Fensterwald: Full-scale assault on tenure, dismissal laws -- A nonprofit founded by a Silicon Valley entrepreneur has filed a sweeping, high-stakes lawsuit challenging state teacher protection laws. A victory would overturn a tenure, dismissal, and layoff system that critics blame for the hiring and retention of ineffective teachers. A loss in court could produce bad case law, impeding more targeted efforts to achieve some of the same goals. John Fensterwald educatedguess -- 5/17/12

   Also..

D.A. says Assessor Noguez should resign amid scandal -- Los Angeles County Dist. Atty. Steve Cooley on Wednesday called for the resignation of Assessor John Noguez, whose office has been the target of a corruption probe. Ruben Vives and Jack Dolan in the Los Angeles Times$ -- 5/17/12

Lawmakers grill executives over loan program -- A controversial federal loan program that brought billions of dollars to solar energy projects in Riverside and San Bernardino counties has again come under fire from GOP lawmakers who say they have new evidence showing that the funding decisions were wrongfully intertwined with politics. BEN GOAD in the Riverside Press -- 5/17/12

   Beltway

Saunders: O brave new world that has such Romneys in it -- When presidential hopeful Mitt Romney's eldest son, Tagg Romney, 42, and his wife, Jen, 39, posted a birth announcement for healthy, happy twin boys on their Facebook page, they demonstrated how mainstream in-vitro fertilization births have become. Debra J. Saunders in the San Francisco Chronicle -- 5/17/12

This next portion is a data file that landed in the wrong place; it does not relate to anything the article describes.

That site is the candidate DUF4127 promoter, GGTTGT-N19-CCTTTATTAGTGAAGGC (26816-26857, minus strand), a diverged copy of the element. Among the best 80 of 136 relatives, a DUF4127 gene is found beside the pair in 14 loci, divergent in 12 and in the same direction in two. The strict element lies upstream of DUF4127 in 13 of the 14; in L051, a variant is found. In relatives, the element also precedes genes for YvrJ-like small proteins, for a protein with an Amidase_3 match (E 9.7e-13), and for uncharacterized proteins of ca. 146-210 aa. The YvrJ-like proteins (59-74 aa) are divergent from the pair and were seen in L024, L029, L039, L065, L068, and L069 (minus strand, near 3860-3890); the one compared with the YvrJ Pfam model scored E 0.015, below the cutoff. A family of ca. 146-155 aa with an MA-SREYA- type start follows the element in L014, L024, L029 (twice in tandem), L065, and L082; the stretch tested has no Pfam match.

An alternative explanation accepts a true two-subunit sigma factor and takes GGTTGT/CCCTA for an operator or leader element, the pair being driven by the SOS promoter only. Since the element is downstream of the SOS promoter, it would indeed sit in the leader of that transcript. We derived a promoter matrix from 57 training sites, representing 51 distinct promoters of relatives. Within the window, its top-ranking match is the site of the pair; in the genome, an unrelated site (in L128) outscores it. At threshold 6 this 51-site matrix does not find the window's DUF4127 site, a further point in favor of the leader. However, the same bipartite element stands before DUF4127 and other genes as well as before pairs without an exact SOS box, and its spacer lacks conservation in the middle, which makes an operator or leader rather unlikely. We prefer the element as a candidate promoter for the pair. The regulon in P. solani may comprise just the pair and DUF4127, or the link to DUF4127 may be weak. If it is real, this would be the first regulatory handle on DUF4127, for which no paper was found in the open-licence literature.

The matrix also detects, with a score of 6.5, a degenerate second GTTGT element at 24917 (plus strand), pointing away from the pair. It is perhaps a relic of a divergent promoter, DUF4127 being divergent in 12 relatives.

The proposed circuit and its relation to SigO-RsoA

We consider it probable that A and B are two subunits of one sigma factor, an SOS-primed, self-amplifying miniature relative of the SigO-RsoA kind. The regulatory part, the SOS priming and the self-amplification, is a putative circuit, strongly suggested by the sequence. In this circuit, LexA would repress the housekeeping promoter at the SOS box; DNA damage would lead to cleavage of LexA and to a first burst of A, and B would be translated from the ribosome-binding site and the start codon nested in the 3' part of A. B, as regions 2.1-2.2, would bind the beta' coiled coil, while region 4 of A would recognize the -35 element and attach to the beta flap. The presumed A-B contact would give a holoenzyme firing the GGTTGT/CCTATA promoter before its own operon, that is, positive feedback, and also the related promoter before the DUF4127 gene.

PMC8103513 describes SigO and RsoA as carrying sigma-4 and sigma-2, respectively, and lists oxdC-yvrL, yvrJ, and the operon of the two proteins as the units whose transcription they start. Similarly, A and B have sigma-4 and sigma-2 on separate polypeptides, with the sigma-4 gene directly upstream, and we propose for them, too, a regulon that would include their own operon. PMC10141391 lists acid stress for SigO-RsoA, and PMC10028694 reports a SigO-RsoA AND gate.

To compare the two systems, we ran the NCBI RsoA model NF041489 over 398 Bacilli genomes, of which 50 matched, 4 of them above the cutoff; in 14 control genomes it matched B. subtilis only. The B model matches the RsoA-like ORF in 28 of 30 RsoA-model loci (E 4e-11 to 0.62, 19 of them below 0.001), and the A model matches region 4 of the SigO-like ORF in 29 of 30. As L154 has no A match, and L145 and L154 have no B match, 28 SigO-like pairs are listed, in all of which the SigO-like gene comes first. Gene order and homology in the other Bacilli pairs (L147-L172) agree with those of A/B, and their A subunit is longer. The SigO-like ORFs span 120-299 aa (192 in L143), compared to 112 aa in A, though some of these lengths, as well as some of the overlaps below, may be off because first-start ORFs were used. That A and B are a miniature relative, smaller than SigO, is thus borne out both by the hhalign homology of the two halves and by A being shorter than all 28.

House Burglaries Baffle Staff, Police -- Puzzling break-ins over the last month at the offices of at least three House members and several committees have U.S. Capitol Police gumshoes working to find a pattern and the culprits, with missing items ranging from cash and expensive computer equipment to autographed baseballs and alcohol. Julia Edwards National Journal -- 5/16/12

McManus: Americans Elect meets reality -- What happens if you start a political party and nobody comes? Six months ago, a newfangled third party burst onto the scene, full of hope and promise. Doyle McManus in the Los Angeles Times$ -- 5/17/12